Despite recents price declines, gold and silver remain in long-term bull markets. The primary driver of prices is the expansive monetary policy of the US since President Nixon closed the gold window in 1971. Having absolutely no links to gold enabled the Fed to create trillions of dollars in the wake of the panic of 2008. Massive monetary inflation is followed by massive price inflation.
In the GOP presidential debates, when Ron Paul talks about economics he is a giant among pygmies. None challenge him. The best his opponents can come up with is to rail about the need to balance the budget. But, when he brings up the issue of the business cycle, the other candidates look like they want climb under the podium. Further, no moderator has ever sought to question his economic positions.
It’s little wonder that so few people in the United States and Europe can think straight about basic economics with the constant flow of misinformation coming from the media and universities. Here’s an interesting piece out of Scotland from an Oxford and Harvard trained editor titled “When inflation could be good for you”.
The 99% and the 1%. We see it all over the news. There are protest movements in almost every major city focused on it. We all know that something is wrong, but almost no one can put their finger on the root cause. The reason is that the vast majority of people have no idea how banking works or where money comes from.
The title to an AP article on yahoo.com’s finance page tells it all: World’s central banks act to ease market strains, Central banks take action to provide cheaper dollar liquidity to financial system. Read the article if you want, but title really does tell it all. This is not a novel “solution” to the world’s
Obama still doesn’t get it – Government can’t create economic growth, only prevent it.
Can I make a small request? Before we go throwing more good money (American Jobs Act) after bad (American Recovery and Reinvestment Act of 2009) can we review some basic economics?
There is no single topic of greater importance to the cause of liberty and peace than the nature and control of money. When free market participants are no longer able to choose their medium of exchange, a critical part of the free market dies. The resulting seeds of a centrally planned economy slowly grow and suffocate the power of choice.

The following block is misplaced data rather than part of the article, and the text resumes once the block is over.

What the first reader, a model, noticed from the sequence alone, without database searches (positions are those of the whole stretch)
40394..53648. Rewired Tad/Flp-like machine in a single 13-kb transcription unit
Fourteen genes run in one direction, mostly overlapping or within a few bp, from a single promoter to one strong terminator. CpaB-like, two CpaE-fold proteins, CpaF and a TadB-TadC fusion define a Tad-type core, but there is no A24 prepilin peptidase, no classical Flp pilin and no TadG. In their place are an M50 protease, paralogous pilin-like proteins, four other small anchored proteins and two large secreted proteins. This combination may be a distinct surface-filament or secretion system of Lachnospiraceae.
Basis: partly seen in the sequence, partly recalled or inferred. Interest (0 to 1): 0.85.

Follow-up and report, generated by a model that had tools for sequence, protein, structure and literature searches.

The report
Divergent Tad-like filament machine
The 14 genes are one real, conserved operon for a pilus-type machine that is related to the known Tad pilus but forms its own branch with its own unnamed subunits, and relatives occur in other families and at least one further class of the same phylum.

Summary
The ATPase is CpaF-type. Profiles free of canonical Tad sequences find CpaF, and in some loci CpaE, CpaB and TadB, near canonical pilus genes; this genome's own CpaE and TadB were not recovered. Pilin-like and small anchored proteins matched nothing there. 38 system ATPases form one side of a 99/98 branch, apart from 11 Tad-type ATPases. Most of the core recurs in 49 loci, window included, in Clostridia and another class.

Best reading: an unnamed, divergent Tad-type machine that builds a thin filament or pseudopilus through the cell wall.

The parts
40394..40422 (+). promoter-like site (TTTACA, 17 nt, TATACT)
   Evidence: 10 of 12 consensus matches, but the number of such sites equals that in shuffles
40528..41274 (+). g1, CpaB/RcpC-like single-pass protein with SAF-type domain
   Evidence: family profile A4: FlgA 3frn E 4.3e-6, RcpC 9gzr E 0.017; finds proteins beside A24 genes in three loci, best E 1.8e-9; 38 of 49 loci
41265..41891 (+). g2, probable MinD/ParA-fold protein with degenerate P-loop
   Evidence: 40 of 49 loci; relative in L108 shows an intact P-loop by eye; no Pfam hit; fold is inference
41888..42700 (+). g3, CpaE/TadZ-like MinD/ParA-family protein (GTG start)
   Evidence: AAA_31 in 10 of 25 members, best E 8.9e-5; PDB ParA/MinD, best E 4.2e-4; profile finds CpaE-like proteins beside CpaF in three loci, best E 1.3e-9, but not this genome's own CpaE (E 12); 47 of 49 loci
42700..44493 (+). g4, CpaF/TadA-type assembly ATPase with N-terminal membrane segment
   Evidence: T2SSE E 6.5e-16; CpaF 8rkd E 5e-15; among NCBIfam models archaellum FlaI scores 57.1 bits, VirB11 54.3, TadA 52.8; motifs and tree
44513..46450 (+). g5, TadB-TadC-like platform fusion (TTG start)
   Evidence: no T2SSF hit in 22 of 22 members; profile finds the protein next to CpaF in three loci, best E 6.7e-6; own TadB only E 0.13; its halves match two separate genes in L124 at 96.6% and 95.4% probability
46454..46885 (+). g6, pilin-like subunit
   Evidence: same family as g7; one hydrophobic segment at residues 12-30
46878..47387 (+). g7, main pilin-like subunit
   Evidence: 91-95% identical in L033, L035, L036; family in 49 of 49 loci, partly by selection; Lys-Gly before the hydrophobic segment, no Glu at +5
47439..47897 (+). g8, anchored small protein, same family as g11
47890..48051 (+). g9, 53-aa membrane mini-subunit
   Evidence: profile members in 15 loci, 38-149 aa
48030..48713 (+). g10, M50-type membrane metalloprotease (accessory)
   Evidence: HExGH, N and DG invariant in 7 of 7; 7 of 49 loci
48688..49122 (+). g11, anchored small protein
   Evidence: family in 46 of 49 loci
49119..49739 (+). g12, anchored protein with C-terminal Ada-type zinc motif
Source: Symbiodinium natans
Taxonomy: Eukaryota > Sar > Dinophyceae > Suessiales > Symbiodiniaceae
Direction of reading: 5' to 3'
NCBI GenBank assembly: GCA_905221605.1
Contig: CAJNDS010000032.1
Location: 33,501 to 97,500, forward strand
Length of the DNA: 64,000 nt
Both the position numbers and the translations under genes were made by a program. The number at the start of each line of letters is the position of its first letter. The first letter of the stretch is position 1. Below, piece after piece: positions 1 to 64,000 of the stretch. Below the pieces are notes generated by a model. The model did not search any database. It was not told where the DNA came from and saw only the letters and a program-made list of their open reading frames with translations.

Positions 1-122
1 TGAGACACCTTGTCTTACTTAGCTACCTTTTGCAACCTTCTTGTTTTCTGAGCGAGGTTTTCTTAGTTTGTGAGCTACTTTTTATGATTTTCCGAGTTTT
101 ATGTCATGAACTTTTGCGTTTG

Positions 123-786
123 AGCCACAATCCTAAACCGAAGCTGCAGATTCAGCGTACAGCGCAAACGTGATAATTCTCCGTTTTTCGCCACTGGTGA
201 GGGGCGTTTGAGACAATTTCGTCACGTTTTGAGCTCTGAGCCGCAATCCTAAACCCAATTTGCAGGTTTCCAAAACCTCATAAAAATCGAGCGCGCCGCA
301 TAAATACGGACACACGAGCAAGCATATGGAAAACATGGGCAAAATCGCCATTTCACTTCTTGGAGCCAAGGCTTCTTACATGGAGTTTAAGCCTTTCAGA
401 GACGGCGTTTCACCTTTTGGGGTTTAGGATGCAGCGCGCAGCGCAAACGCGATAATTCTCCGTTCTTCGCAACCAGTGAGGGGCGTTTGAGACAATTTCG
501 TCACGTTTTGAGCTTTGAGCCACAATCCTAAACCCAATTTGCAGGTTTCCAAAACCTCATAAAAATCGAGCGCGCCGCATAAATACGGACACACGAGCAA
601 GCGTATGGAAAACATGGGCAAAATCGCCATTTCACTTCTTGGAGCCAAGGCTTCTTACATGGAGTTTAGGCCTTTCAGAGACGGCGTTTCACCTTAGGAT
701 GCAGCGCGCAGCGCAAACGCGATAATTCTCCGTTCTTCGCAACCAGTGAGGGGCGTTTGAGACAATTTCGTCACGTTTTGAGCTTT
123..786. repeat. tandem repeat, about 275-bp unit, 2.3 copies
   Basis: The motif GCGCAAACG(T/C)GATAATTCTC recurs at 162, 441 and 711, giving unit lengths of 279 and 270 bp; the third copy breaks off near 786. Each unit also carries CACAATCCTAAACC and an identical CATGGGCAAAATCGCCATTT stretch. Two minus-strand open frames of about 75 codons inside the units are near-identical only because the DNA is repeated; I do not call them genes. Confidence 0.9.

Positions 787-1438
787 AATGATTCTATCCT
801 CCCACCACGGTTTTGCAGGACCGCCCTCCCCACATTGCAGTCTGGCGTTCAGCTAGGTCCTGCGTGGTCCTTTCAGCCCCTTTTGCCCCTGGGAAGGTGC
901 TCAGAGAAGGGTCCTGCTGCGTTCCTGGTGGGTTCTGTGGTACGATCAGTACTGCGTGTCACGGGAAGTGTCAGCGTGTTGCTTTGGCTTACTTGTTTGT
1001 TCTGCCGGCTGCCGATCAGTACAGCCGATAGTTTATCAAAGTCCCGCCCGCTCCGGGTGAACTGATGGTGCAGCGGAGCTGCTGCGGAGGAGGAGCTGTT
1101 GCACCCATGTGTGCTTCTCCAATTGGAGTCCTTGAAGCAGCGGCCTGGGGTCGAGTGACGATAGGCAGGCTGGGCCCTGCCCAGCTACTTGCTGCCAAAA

Congressman and presidential candidate Ron Paul recently introduced legislation calling for the federal government to cancel the $1.6 trillion debt held by the Federal Reserve. Such a move creates legal challenges, one of which would be that the Fed would openly acknowledge that it is a private entity and that fedgov has no authority confiscate its assets. (Fedgov had no “authority” to call in gold in 1933, but legal tests to that stood up.)
If you’ve paid any attention to the inflation vs. deflation debate you’ve noticed that it is fairly convoluted. I’ve read the arguments in great detail and have come to the conclusion that it’s mostly a problem of semantics. Strictly speaking, deflation is a decrease in the supply of money and credit. As bad loans are written off, the supply of credit, which represents the lion’s share of the money supply, decreases.
The history I was taught in school never held much interest for me. It seemed like a random progression of names, events, and dates attached to motivations that made little, if any sense. It wasn’t until I began my self study of economics, and particularly the nature of money, that a whole new world was presented to me. This was a world whose history was anything but random. In fact, almost every event throughout the history of Western civilization could be traced along a single thread of motivation: the control of money and resources.